These are all good examples of items you need to protect, but a big one is missing: your future income stream.
If you face an expensive lawsuit and your coverage is insufficient, you may need to dip into your savings and investments to cover the costs.
This can adversely affect your current and future financial plans. Personal umbrella coverage can provide the extra protection you need to avoid financial devastation from unexpected events.
What does umbrella insurance cover?
Though the definition of coverage provided under an umbrella policy may initially seem vague, it can be simplified into three broad categories.
Bodily injury liability: covers the cost of injuries to another person, including medical bills and liability claims resulting from injuries to:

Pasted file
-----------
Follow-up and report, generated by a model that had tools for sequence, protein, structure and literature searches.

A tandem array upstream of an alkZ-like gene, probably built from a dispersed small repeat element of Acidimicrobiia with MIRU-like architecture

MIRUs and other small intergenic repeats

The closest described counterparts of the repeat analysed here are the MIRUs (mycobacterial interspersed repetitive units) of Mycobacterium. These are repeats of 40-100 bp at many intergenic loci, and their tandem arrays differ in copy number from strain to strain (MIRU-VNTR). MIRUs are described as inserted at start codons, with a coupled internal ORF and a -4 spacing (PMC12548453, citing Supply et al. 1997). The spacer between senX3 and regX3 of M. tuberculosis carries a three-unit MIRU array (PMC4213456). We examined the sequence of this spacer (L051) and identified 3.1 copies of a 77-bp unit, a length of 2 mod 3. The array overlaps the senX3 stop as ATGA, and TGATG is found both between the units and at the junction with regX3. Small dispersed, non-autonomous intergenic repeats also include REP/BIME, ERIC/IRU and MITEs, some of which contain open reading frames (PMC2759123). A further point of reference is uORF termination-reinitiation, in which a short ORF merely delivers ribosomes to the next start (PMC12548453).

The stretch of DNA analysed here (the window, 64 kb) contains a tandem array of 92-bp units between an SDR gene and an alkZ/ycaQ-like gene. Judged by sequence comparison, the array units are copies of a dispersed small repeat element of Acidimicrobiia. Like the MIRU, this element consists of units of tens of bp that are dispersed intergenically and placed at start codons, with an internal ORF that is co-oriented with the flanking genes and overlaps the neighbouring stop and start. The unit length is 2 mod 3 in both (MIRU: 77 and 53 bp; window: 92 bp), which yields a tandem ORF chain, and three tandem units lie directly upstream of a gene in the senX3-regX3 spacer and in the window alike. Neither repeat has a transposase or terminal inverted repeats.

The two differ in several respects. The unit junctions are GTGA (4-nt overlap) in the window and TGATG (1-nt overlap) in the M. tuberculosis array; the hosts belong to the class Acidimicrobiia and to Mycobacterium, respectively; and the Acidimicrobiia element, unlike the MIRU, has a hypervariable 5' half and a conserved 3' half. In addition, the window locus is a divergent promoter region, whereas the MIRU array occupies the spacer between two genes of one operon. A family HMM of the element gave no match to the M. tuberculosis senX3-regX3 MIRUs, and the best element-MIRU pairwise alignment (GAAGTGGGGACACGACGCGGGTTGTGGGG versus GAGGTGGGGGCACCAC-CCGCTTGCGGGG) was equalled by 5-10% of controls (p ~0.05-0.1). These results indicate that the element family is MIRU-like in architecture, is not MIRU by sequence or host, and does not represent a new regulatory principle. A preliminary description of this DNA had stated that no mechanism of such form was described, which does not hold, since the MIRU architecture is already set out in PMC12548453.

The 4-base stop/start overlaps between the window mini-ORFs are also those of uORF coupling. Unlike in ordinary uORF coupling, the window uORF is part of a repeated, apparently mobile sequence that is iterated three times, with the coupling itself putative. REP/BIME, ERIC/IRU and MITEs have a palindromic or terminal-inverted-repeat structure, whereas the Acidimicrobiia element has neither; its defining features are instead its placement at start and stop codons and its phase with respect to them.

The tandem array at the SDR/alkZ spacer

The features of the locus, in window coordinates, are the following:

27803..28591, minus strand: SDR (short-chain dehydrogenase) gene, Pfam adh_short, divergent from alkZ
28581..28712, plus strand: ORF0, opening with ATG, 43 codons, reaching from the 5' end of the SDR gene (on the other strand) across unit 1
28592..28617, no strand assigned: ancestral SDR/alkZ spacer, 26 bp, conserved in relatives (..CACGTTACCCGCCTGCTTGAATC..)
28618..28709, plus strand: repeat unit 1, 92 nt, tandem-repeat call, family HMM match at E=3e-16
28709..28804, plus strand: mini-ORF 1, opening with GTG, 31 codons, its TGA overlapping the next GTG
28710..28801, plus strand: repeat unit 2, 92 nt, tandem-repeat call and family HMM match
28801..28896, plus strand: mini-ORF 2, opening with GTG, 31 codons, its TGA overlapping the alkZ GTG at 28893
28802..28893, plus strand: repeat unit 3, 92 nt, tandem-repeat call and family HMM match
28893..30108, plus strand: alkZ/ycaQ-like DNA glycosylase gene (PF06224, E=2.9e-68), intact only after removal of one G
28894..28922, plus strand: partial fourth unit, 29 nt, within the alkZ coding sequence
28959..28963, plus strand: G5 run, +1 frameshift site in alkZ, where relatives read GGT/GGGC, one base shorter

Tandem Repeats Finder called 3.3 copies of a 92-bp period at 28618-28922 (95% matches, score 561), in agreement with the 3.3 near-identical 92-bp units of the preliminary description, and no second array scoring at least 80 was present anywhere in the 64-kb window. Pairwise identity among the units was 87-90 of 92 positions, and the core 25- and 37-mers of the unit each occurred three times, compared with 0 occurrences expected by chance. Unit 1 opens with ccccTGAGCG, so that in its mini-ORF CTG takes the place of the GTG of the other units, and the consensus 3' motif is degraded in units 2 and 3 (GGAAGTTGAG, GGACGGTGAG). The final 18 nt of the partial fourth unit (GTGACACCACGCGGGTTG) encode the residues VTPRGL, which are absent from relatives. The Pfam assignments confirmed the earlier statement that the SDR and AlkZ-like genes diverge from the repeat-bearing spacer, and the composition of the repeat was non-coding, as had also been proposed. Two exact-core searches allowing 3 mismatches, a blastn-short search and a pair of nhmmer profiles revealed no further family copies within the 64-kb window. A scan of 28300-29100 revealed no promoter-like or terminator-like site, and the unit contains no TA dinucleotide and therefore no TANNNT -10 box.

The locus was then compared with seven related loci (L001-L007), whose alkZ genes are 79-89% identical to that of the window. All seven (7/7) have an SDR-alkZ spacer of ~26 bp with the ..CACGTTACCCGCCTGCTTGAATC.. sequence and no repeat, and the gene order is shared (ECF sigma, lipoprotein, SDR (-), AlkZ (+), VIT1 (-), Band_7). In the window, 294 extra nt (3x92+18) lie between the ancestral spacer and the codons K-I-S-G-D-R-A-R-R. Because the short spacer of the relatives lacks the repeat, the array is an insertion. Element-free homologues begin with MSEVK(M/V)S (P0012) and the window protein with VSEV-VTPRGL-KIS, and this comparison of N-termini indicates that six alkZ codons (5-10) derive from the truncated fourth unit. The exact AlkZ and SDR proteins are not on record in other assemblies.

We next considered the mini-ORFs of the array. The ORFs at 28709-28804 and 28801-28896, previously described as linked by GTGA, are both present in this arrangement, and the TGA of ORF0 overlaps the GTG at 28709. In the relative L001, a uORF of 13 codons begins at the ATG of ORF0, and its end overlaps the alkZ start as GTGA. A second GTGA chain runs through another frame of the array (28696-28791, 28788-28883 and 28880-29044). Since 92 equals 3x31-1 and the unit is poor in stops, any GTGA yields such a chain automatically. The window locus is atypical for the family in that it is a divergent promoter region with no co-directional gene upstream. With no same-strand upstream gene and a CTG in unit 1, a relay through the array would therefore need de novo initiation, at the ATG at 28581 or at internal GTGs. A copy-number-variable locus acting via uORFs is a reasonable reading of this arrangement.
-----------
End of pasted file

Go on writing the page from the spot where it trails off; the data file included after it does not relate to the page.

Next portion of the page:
- Others, due to a car accident caused by the policyholder
- Others, caused by the policyholder’s pet
- Policyholder’s guests, due to an accident in their residence
Property damage liability: covers the cost of damage or loss to someone else’s property, including these expenses:
- Auto and other property damage caused by a car accident where the policyholder is at fault
- Claims for damage to others’ property
- Accidental damage to school property by a child
Other personal liability: covers potential lawsuits for actions by a policyholder, including:
- False arrest, detention, or imprisonment
- Libel (a damaging written statement)
- Slander (a harmful spoken statement)
- Mental anguish or shock
- Malicious prosecution
Can’t I just increase the liability limits on my current insurance?
It’s also worth considering the option of increasing the liability limits on your home or auto insurance policy. While this approach may cover certain common incidents, it may not fully protect against all potential expenses.